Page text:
If You Must Go to Frankfurt

By Theunis Bates
Portfolio.com: Business Travel
Monday, September 24, 2007; 7:00 AM

Frankfurt doesn't get much love. Business travelers often say it's Europe's most boring city, and novelist Günter Grass dubbed it "a lump of concrete." But Frankfurt doesn't need love: It has money. Mainland Europe's financial capital since the 1700s, Frankfurt is home to the European Central Bank and the stock exchange (Deutsche B�rse), earning it the nickname "Bankfurt."

But Frankfurt is also a cultural capital. Home to the Frankfurt Book Fair, the world's largest publishing expo, it has drawn bookish talent since 1455, when visitors to the Frankfurt Trade Fair reported seeing a Bible made with a newfangled device, the printing press; they'd glimpsed a Gutenberg. Nearly 300,000 people are expected at this year's bazaar, which runs from October 10 to 14 at the Messe Frankfurt fairgrounds. Here's a guide to the city of banks and books.

Sleep (Old Guard): Bankers and politicians enjoy the palatial, 19th-century Frankfurter Hof, where U.S. Federal Reserve vice chairman Donald Kohn, Bank of England boss Mervyn King, and German chancellor Angela Merkel have checked in.

Sleep (New Elite): For less pomp and more pampering, head to Rocco Forte's Villa Kennedy. It opened only last year but quickly became the hotel of choice for executives ­including Procter & Gamble C.E.O. A.G. Lafley and Bank of America C.E.O. Kenneth Lewis-as well as Sean "Diddy" Combs.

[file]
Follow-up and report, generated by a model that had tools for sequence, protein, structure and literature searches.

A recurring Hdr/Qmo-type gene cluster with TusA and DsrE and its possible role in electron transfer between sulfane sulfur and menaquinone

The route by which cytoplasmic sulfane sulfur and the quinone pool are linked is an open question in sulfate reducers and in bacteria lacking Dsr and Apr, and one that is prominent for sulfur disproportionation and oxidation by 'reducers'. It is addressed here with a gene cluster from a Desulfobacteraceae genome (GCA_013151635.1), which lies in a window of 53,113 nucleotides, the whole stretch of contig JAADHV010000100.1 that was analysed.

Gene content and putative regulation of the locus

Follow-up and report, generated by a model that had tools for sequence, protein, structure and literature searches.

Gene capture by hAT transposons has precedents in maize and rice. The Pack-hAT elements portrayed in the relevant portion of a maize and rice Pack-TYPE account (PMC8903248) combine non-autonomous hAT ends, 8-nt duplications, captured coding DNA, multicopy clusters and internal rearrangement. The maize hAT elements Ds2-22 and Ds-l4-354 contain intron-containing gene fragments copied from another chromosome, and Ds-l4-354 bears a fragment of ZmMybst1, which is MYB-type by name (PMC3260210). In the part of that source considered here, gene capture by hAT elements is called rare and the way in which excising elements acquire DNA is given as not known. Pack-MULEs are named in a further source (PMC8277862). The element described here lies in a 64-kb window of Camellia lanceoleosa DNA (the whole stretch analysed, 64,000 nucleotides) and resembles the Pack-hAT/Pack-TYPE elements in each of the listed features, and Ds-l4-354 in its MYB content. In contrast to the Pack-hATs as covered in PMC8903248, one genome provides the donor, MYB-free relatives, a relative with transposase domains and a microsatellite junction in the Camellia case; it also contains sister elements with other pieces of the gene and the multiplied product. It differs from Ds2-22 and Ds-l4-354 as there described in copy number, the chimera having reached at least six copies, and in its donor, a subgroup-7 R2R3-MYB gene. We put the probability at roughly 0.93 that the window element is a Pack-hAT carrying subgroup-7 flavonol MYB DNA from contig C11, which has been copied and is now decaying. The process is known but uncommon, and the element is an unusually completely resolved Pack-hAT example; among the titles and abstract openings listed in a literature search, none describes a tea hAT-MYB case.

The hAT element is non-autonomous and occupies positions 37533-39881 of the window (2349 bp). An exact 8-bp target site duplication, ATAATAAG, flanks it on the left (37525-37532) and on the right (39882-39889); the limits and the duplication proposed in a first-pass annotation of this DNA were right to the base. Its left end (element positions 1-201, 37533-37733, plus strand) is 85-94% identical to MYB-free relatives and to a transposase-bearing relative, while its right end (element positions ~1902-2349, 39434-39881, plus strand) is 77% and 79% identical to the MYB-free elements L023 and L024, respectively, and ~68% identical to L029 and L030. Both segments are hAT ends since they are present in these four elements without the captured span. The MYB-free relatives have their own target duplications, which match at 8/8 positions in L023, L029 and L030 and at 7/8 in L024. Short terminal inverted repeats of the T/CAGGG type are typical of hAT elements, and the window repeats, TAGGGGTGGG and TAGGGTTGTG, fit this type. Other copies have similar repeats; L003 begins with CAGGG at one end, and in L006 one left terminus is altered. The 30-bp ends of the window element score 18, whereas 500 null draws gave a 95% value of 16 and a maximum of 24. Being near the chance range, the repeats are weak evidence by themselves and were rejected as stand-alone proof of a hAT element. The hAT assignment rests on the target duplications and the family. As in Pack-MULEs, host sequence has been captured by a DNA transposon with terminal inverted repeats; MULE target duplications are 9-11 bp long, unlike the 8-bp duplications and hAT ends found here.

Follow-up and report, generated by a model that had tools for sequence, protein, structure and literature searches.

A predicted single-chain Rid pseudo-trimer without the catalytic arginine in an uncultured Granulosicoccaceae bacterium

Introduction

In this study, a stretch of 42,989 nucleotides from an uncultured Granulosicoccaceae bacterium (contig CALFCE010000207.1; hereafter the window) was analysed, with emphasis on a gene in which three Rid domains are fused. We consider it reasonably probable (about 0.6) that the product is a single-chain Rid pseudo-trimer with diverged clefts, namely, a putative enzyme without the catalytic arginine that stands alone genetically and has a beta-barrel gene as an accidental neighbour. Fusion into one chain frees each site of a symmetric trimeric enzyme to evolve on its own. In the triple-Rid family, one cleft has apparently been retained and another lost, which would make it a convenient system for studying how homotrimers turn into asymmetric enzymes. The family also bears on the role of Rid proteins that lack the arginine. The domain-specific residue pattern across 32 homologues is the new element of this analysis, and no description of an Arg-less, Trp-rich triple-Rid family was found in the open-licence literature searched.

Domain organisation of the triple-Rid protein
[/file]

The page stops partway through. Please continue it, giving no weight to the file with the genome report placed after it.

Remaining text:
Good Eating: Deutsche bankers are flocking to the new Ivory Club, Europe's only gourmet curry and steak joint. A more traditional option is the rustic Italian restaurant Da Claudio. "I've been going there for 30 years, and I don't think a single item on the menu has changed," says Penguin chairman and C.E.O. John Makinson. Doubleday Broadway president and publisher Steve Rubin bookmarks Avocado, a serene French-Mediterranean eatery with a deep wine cellar.

Let's Make a (Book) Deal: Though most trading at the Frankfurt fair involves foreign rights, several major U.S. deals have been sealed there: Two years ago, the hot book was Alice Schroeder's authorized biography of Warren Buffett, which went to Random House for $7 million and is due out in 2008. According to Tracy Fisher, the William Morris Agency's director of international rights, most negotiations aren't done at the fairgrounds but in the lounges and bars of the Frankfurter Hof and its rival, the Hessischer Hof, where the literati scramble for seats and deals. At lunchtime, they move into Oscar's, the Frankfurter Hof's brasserie, for slabs of rib-eye steak.

Pig Out: Never get between a Frankfurter and his frankfurter. They enjoy nothing more than plowing through a plate of sausages with sauerkraut. Wash them down with a glass of gut-rotting local apfelwein (that's hard cider to non-Frankfurters). Former German chancellor Helmut Kohl is known to scarf down heaps of wurst at the Adolf Wagner tavern, but locals swear by the less touristy Zur Germania.

Kultur und Kapital: Lots of banks and financial institutions equal lots of corporate sponsorships and a glut of some 60 museums and galleries. Ignore the Museum for Comical Art-Frankfurt is not the place for funny-and head to the St�del and its collection of Dutch masters instead. At night, you might spot E.C.B. boss and opera lover Jean-Claude Trichet at the Frankfurt Opera House, where Verdi's Don Carlo and Nabucco are on the bill this month.

Time Zone: C.E.T. (E.S.T. + 6)

Currency: Euro

Temperature: October: 50°F (average)

Airports: Frankfurt (commercial flights), Egelsbach (private)

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